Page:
Airline crews terrified of ebola: report

At Schiphol there is a growing fear of the deadly Ebola disease among pilots, cabin crew and ground staff.

According to research done by De Telegraaf, many are terrified of flying to Africa, or cleaning possibly infected aircraft, or handling luggage that may contain the virus. Dutch pilots and flight attendants call in sick more frequently on flights to West Africa such as Lagos (Nigeria) and Banjul (Gambia), destinations offered by KLM and ArkeFly.

KLM and ArkeFly yesterday denied that there is panic among their employees, but chairman Anette Groeneveld from VNC cabin union said that the tension is rapidly increasing. "We receive many phone calls and worry about the safety of our crews, however small the risk of infection is on board"

KLM captain Steven Verhagen, head of the Dutch Airline Pilots Association (VNV), confirmed the growing unrest. "It is a worrying development. Highest vigilance is required" he said, "I myself just returned from Accra in Ghana and on those flights too we have to pay attention to symptoms of sick passengers."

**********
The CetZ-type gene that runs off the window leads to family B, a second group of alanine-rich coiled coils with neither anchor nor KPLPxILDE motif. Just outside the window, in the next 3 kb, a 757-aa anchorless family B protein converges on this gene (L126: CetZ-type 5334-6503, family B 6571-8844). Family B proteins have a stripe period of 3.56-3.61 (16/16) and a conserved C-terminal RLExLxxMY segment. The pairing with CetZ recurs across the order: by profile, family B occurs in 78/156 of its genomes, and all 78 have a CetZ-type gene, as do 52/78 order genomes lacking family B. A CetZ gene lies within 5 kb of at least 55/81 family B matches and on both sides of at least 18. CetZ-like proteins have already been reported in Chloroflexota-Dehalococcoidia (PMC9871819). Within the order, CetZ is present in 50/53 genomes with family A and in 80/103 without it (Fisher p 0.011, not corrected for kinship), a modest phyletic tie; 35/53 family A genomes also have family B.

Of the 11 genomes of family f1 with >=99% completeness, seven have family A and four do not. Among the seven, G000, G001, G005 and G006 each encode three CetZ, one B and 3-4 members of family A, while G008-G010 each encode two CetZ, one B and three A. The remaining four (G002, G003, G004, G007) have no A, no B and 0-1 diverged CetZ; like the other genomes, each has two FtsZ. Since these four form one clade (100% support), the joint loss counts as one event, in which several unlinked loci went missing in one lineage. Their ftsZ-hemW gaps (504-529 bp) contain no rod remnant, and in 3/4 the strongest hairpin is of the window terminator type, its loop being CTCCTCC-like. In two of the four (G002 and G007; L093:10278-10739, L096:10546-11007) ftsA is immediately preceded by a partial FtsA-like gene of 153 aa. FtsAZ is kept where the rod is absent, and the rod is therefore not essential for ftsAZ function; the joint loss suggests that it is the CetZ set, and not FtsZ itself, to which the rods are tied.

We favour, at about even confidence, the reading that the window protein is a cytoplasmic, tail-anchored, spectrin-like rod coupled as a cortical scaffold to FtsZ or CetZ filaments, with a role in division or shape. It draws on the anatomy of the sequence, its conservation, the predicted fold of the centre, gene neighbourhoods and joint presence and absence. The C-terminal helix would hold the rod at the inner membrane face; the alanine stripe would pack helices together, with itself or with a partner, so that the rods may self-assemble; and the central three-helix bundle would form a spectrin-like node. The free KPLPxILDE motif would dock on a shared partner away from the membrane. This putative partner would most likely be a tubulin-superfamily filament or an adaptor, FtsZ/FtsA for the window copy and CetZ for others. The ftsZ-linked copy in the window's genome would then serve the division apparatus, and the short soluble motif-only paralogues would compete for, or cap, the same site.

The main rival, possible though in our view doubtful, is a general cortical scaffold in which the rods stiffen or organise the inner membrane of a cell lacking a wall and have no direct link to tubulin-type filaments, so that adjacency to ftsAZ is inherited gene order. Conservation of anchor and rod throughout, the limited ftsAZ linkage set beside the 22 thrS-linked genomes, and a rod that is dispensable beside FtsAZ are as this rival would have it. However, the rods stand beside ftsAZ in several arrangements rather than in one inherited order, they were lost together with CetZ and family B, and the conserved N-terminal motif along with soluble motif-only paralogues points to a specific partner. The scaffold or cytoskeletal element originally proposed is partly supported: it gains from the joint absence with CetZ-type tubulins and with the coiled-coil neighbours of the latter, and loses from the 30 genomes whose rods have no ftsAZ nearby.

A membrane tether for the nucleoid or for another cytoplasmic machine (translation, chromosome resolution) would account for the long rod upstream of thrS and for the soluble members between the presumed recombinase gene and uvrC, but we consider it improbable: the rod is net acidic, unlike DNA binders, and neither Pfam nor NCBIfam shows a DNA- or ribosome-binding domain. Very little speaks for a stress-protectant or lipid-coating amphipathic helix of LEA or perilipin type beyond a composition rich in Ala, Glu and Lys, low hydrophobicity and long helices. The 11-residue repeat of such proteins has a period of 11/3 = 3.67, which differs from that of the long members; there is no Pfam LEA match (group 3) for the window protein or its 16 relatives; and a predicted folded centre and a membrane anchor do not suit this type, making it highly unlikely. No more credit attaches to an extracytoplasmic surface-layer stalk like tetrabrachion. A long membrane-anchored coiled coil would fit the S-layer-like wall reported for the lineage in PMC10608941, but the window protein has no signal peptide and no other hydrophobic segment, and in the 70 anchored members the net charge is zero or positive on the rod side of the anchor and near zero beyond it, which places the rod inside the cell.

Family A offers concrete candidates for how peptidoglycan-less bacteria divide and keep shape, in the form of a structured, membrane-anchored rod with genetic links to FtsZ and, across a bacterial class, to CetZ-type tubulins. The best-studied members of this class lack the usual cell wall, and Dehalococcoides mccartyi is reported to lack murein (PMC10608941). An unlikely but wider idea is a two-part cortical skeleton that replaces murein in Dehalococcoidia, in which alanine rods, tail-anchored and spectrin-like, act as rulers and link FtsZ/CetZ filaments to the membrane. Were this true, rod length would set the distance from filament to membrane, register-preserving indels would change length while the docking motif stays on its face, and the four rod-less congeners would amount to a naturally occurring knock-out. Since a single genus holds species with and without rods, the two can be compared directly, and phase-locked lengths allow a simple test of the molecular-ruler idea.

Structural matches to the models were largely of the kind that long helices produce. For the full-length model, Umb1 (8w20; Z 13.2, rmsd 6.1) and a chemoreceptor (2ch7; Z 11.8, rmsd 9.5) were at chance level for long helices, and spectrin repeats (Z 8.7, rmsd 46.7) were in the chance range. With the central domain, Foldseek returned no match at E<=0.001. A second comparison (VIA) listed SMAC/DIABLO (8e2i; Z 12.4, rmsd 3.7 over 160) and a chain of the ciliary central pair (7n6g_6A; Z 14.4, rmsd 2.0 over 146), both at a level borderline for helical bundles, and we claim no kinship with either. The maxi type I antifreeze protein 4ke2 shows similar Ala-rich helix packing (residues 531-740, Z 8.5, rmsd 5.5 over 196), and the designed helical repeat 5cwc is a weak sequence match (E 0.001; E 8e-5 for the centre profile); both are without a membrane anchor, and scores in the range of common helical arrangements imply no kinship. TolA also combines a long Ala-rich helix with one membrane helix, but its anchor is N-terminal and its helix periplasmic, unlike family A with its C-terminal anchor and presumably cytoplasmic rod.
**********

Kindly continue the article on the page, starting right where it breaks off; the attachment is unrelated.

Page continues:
According to Verhagen and Groeneveld, the big problem is what to do if there is a suspected case of illness during a flight. "If that turns out to be Ebola, there will be hell to pay," said Verhagen. Groeneveld: "Then we will try to isolate the passenger with protective devices which are on board. We don't know whether this will be sufficient."

According to KLM they have daily contact with health authorities, and guidelines from world organization WHO and the Dutch RIVM are strictly followed. "We also have our own health service involved in briefing crews. A special information number is available 24 hours a day and we use protocols."